Anita says this dessert is low in sugar and a good source of fibre, Vitamin C and quercetin (a plant compound with potent antioxidants which helps to reduce inflammation and promote muscle repair). If you have plenty of apples to use up, make a bigger batch – reheated leftovers taste wonderful, or just eat them cold! Continue reading “Granola Baked Apples: Simple Healthy Dessert”

Voice of the Sublime

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In this month’s entry for the A and I Poetry Challenge to write a short 5-line poem, I thought I would try the version of a cinquain as used by Adelaide Crapsey, an early twentieth-century poet. Her form had 22 syllables distributed among the five lines in a 2, 4, 6, 8, and 2 pattern. Her poems share a similarity with the Japanese tanka, another five-line form & another favourite of mine, in their focus on imagery and the natural world. Continue reading “Voice of the Sublime”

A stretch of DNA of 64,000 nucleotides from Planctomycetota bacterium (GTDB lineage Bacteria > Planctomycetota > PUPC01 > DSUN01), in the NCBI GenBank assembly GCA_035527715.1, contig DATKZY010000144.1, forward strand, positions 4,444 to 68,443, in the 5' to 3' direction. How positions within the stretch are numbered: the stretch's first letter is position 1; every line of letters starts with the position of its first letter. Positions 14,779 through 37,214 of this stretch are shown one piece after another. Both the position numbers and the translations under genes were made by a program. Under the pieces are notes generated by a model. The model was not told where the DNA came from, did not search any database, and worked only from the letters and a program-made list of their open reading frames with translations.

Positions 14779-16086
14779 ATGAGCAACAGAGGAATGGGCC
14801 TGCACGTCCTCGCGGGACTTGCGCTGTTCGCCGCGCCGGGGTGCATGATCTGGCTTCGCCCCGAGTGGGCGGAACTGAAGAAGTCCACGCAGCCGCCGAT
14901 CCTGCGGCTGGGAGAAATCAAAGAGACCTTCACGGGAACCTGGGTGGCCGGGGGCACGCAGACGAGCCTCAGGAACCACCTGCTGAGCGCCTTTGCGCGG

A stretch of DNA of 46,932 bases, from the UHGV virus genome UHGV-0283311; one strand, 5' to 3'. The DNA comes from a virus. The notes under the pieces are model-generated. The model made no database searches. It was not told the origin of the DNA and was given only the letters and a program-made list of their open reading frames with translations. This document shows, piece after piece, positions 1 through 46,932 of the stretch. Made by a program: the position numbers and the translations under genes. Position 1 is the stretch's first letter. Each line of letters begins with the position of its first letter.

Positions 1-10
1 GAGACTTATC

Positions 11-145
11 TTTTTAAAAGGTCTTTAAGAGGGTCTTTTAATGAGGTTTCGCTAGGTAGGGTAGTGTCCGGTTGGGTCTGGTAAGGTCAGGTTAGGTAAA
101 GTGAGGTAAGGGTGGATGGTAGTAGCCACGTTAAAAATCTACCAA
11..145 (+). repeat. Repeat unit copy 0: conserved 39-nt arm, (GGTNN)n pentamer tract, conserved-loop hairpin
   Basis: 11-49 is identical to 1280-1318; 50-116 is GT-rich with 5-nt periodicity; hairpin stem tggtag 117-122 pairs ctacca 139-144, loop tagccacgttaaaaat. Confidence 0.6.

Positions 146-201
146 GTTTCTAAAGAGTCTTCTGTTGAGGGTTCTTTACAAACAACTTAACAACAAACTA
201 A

Oojamaflip

Oojamaflip: a wonderful word to capture a state of mind I find myself in all too often lately. For one who thrives on words, struggling to remember the name of a thing should cause great frustration. Except that it has become a constant game of Charades; everyone joins in and enjoys laughs in the process.  Once again, laughter trumps grumpies!

After all, a rose by any other name would still smell as sweet;  in my case, a Frangipani, my photographic contribution’s to Debbie’s One Word Sunday. Thanks Debbie, for a new word under my belt with which I can use to refer to all sort of good things whose names I have temporarily lost!

Feature Photo: grove of Frangipani Trees in the Singapore Botanic Gardens